2019 Aboriginal and Torres Strait Islander Calendar events
26 May - National Sorry Day
National Sorry Day is a significant day for Aboriginal and Torres Strait Islander peoples, and particularly for Stolen Generations survivors. The idea of holding a ‘Sorry Day’ was first mentioned as one of the 54 recommendations of the Bringing them home report, which was tabled in Parliament on 26 May 1997. This report was the result of a two year National Inquiry into the forcible removal of Indigenous children from their families, communities and cultural identity. On 26 May 1998 the first ‘Sorry Day’ was held in Sydney, it is now commemorated across Australia, with many thousands of people participating in memorials and commemorative events, in honour of the Stolen Generations.
27 May–3 June - National Reconciliation Week
National Reconciliation Week is an ideal time for everyone to join the reconciliation conversation and reflect on shared histories, contributions and achievements. It is held annually from 27 May to 3 June and is a time to celebrate and build on the respectful relationships shared by Aboriginal and Torres Strait Islander people and other Australians. Preceded by National Sorry Day on 26 May, National Reconciliation Week is framed by two key events in Australia’s history, which provide strong symbols for reconciliation: on 27 May 1967—the referendum that saw more than 90 per cent of Australians vote to give the Australian Government power to make laws for Indigenous people and recognise them in the census. on 3 June 1992—the Australian High Court delivered the Mabo decision, which recognised that Indigenous people have a special relationship with the land. This paved the way for land rights known as native title. Mabo Day is held 3 June to celebrate the life of Eddie Koiki Mabo.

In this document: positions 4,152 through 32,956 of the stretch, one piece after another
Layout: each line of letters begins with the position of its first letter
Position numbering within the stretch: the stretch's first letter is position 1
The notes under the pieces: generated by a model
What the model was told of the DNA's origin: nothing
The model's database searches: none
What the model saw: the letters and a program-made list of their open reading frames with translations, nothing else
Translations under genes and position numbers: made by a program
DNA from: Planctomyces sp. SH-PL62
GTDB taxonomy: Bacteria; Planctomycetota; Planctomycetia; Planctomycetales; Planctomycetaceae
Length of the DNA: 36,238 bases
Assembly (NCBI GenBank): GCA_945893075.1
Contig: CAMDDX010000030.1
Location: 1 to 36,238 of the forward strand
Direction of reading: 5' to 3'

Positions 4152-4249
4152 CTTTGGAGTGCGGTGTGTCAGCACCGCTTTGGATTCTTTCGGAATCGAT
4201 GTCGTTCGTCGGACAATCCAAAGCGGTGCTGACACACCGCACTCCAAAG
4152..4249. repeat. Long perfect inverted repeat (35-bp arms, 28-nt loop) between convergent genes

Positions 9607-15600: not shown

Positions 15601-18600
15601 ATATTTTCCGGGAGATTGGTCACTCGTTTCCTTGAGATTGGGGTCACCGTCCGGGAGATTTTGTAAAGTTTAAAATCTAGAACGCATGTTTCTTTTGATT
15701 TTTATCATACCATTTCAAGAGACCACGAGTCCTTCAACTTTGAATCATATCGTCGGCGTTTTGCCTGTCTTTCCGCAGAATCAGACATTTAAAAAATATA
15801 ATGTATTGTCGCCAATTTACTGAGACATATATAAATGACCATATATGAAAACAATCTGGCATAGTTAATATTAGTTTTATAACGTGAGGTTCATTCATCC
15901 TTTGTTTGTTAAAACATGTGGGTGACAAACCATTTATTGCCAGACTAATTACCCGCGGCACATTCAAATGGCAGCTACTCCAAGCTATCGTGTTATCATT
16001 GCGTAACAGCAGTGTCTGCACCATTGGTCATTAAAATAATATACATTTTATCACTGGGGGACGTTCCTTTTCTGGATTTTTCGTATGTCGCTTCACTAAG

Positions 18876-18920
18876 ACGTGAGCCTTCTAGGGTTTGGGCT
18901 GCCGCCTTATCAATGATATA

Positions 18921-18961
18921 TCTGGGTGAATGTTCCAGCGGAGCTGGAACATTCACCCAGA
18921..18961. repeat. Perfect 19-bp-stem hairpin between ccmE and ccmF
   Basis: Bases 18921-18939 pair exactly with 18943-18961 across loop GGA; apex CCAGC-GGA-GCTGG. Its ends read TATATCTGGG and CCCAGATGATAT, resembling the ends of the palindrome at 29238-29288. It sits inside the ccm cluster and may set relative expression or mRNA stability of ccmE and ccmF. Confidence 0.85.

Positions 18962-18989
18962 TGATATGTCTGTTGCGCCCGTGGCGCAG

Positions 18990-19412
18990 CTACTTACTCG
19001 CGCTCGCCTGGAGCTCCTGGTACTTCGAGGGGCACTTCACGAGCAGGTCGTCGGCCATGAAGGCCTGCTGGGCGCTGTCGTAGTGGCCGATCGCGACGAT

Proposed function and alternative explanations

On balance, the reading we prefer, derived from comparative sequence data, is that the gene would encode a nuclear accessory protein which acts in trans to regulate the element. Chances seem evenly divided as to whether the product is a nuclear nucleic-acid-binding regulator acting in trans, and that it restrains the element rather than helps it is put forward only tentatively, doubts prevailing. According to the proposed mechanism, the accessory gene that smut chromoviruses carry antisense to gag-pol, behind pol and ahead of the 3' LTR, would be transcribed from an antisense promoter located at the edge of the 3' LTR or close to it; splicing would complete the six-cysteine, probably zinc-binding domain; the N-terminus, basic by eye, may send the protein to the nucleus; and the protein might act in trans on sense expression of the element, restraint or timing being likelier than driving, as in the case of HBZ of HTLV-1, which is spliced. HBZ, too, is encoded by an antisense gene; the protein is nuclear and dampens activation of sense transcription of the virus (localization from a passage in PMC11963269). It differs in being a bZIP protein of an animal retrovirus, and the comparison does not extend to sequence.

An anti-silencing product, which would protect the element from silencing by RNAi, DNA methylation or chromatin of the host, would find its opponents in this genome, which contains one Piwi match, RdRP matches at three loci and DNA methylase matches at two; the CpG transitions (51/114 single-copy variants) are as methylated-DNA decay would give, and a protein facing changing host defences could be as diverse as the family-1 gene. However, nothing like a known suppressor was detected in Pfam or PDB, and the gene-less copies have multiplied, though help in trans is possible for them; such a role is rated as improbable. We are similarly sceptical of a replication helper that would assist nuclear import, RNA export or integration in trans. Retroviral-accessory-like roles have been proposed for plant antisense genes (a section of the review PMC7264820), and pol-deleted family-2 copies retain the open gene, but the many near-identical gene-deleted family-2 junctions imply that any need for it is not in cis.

5–12 July 2020 - NAIDOC Week
NAIDOC is a celebration of Aboriginal and Torres Strait Islander cultures and an opportunity to recognise the contributions of Indigenous Australians in various fields. Its origins can be traced to the emergence of Aboriginal groups in the 1920s which sought to increase awareness in the wider community of the status and treatment of Indigenous Australians. NAIDOC stands for National Aborigines and Islanders Day Observance Committee. Activities take place across the nation during NAIDOC Week in the first full week of July. All Australians are encouraged to participate.